The ambiguities don’t stop there. Conversely to Foucault, John Rawls is often invoked against speech codes in view of his strong commitment to classical civil liberties. Yet Rawls, like Foucault, never stakes out any express position. Other scholars, notably Jeremy Waldron, just as confidently invoke Rawls’s civility principles to defend controls on speech. Yet the most puzzling figure of all is Jürgen Habermas. Habermas’s lifework is constantly about discourse and power. Unlike Rawls or Foucault, moreover, Habermas has lived well into the era of extreme speech as we know it today, including its electronic incarnations. However, Habermas too, issuing no clear pronouncement, ends up cited on all sides.
Notable African-American scholars like Harvard’s Henry Louis Gates, Jr. and Randall Kennedy have added doubts of their own about speech codes. Still, some observers would question whether they do so from progressive perspectives. Both men have distanced themselves from strong leftist positions, often embracing more traditional, civil-libertarian policies.
Liberalism and democracy
So far that’s quite a line-up of writers, yet we’re all as confused as we were before. Could it be that we’re having the wrong argument, an argument overly defined by the terms of 18th century liberalism? Even those who challenge that paradigm often end up entrenching it by viewing classical liberalism as the prime target, as the only real philosophy propelling opposition to speech codes.
Surely Butler and Vaneigem prove that such an assumption is no longer true. The foregoing chronicle makes at least one point clear: both historically and still today, it would be misleading to brand opposition to codes as politically regressive and support for them as politically progressive. Perspectives across the spectrum have long correlated to both positions. Robert Post, among the most influential opponents of bans, has complained that the American left’s support for viewpoint-selective regulations has allowed the right to steer free speech jurisprudence away from the political realm, towards sheer market deregulation (most perniciously when the US Supreme Court’s right-wing Justices voted to strike down laws limiting campaign contributions.1)
Amidst the ‘No Platforming’ controversies that have raged on several campuses, I recently attended a meeting at a prominent British university. A working group had been formed to condemn the trend. I was invited because I oppose ‘No Platforming’ approaches. More generally, I oppose the bans on offensive or extreme speech in force in most democracies. (I don’t oppose bans for all cultures at all times. But I’ll leave that point aside for now.) Because I take anti-ban positions, I end up invited to these events on the assumption that I’ll present a traditional, civil libertarian view. Classical liberalism, it is assumed, necessarily entails opposition to bans, and opposition to bans necessarily entails classical liberalism.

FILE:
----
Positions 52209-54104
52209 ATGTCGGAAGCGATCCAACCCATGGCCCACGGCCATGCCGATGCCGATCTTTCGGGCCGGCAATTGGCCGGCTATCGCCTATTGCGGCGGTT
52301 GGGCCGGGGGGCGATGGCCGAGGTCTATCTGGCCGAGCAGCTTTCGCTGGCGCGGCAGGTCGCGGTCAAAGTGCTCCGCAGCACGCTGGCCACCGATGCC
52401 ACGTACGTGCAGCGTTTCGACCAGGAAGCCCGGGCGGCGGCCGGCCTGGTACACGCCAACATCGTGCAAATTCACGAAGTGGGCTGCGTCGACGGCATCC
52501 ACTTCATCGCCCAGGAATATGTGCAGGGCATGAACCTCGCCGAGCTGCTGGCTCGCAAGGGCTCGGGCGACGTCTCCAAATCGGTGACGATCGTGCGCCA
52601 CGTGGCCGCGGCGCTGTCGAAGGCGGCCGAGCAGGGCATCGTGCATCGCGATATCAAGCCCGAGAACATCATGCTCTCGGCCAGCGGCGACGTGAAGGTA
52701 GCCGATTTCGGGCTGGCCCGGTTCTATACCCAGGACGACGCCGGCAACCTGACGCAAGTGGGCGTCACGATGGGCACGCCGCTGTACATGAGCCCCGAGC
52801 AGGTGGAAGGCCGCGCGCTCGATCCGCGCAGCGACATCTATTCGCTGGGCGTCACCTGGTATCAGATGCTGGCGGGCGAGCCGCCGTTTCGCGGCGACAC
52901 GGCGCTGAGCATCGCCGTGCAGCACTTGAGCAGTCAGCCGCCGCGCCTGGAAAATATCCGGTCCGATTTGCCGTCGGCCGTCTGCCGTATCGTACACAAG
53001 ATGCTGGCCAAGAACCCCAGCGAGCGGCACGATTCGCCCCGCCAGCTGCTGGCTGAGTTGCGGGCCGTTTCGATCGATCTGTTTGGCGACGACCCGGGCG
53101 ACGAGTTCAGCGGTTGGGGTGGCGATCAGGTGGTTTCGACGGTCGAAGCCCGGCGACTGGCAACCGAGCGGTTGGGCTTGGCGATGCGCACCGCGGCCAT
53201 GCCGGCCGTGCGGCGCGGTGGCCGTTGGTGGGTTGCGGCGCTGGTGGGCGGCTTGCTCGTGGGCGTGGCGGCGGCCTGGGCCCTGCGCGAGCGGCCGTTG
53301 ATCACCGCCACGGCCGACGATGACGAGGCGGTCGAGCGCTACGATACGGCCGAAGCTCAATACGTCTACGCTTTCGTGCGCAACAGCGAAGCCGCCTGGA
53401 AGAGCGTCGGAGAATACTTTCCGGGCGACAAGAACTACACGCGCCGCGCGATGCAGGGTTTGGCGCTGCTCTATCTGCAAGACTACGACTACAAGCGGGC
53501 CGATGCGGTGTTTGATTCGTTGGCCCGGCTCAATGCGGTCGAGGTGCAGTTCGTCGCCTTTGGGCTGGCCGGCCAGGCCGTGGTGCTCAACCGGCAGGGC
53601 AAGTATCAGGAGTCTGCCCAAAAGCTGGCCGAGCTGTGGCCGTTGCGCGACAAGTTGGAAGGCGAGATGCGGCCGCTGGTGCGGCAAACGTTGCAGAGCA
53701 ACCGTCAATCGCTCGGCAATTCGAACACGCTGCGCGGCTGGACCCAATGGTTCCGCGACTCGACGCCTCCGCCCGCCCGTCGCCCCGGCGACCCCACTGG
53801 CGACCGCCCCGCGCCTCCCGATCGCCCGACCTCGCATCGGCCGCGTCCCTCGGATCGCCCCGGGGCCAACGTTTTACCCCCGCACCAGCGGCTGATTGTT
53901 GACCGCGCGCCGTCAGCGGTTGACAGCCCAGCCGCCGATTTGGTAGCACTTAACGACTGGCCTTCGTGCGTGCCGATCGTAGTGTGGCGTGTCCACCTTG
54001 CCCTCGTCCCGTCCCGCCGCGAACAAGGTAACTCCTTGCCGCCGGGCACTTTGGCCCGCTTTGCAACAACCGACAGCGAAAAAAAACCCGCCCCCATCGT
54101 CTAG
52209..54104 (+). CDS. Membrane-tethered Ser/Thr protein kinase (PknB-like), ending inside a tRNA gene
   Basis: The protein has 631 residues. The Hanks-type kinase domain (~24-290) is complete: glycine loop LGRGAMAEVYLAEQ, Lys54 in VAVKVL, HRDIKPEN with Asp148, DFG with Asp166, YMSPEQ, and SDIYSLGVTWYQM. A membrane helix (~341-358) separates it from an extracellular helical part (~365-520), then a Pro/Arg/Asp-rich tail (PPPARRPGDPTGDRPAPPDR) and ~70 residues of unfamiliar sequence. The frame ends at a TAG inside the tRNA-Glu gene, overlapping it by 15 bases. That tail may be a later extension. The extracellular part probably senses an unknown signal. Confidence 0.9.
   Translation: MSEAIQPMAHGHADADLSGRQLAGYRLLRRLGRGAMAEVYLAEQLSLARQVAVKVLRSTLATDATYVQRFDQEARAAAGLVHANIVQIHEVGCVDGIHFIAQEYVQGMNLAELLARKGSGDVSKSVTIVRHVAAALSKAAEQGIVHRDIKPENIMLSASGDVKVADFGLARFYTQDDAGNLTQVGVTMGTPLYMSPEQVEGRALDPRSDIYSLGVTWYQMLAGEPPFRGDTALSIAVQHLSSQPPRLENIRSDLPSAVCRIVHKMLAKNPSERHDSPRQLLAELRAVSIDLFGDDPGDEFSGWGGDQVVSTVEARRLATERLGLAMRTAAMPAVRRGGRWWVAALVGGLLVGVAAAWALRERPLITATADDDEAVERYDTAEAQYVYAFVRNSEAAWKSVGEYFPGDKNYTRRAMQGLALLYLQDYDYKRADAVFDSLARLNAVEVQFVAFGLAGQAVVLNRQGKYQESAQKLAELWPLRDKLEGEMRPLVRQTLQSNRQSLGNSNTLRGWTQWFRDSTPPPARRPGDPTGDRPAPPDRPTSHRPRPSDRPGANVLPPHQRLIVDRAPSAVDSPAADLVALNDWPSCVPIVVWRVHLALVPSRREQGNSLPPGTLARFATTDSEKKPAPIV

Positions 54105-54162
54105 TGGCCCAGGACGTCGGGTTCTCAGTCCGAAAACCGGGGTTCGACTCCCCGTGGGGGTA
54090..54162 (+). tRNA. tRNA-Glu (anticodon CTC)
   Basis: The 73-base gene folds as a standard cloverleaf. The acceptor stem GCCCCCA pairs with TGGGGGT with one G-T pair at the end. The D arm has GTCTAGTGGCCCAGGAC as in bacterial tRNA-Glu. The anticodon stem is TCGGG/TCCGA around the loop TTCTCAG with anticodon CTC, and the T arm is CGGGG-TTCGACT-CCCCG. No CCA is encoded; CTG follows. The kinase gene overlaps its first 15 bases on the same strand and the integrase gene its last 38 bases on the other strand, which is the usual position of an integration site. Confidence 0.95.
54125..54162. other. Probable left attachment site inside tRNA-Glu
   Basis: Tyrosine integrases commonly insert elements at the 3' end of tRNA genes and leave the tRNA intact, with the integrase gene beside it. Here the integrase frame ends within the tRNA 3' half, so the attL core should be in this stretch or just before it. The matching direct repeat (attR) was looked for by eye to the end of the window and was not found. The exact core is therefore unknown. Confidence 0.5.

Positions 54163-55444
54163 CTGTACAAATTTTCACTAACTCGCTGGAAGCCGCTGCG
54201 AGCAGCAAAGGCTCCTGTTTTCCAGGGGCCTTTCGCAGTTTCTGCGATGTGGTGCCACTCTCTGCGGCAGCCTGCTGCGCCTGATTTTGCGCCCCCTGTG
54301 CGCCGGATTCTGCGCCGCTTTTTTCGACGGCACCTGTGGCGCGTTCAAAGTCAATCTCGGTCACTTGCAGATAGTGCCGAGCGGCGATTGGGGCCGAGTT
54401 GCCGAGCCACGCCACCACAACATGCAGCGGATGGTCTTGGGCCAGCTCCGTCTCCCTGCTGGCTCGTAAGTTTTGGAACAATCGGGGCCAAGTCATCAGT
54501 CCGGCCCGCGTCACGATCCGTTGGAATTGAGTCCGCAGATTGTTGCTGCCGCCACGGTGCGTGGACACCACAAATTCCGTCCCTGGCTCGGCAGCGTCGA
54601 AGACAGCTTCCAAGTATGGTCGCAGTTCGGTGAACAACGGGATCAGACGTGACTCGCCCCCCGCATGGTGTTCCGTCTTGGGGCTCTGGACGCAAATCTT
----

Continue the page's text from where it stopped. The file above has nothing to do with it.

The organisers circulated a model policy statement with the aim of submitting it for incorporation as official university policy. Yet it seemed almost literally cut-and-pasted from Chapter 2 of Mill’s On Liberty, as if social dynamics had in no important respect moved on since the mid-19th century. The group by no means included only middle-class white males. I have no doubt that its members felt otherwise committed to a university open to staff and students of all backgrounds. Still, the draft – and the group members – failed to acknowledge even obliquely the genuine worries about free expression that were being voiced on university campuses, even if the group rightly wished to propose an anti-censorship solution.
I objected to that approach and was greeted by blank stares. After a dead silence, the only response was, ‘I really don’t think we need to pander to them.’ – ‘To pander’, as if ‘they’ were the enemy rather than partners in the values our group claimed to be promoting, namely, open and constructive dialogue. The group was well-intentioned, but were clearly no fans of, in the Athenian sense, dialectical reason. And as Plato and Aristotle tirelessly remind us, free speech without dialectic is nothing more than self-gratifying rhetoric.
And so I saw the necessity of moving beyond the terms of a classical liberalism which no longer serves either side. Butler and Vaneigem point beyond the hackneyed dualism of either affirming free expression solely in the form of a conventional liberal ‘right’ or challenging free expression in the form of what have become equally conventional critiques of classical liberalism.
When Mill was advocating free speech his target was the dominant institutions of power, not socio-economically subordinated groups. Given his views on other social issues (and the exceptions he adumbrates to the rule of free speech), it is by no means clear that his position today would be as absolutist as writers on all sides have long assumed him to be. Mill has become one side’s straw man and the other side’s straw hero. Tracing as far back as Rousseau, passing via Marx, it will come as no surprise to students of critical theory that liberalism and democracy have never been perfectly coextensive, and phrases like ‘liberal democracy’ all too readily conflate them. In much of the writing on free speech those two concepts still remain hopelessly confused.
A stubborn error is the assumption that we opponents of bans are insisting that the state remain value-neutral. No state, of course, can ever be value neutral, nor should it try. Leaving aside extreme libertarians (whose minimal state would equally fail to be value-neutral), no leading opponent of bans assumes any such thing. Civil libertarians like Post or James Weinstein insist on active state intervention against discrimination and aimed at promoting pluralist norms and practices. The line they draw, however, is that a democracy cannot legitimately penalise citizens who dissent, even crudely, from that pluralist ethos.
In fact, the links between liberalism, democracy, and free speech have never been straightforward. Some regimes liberal towards speech have not been democracies, and some democracies have by no means been havens of free speech. The ancient Athenian model almost straightforwardly equated free speech with democracy, though with no conception of a higher-order liberal ‘right’.
I do not see a post-liberal approach as a crisply defined position aimed at a single normative outcome. Such an approach could, however, avoid untenable distinctions between progressive and regressive, between right and left, between liberal and critical.
Eric Heinze is Professor of Law and Humanities at the School of Law Queen Mary, University of London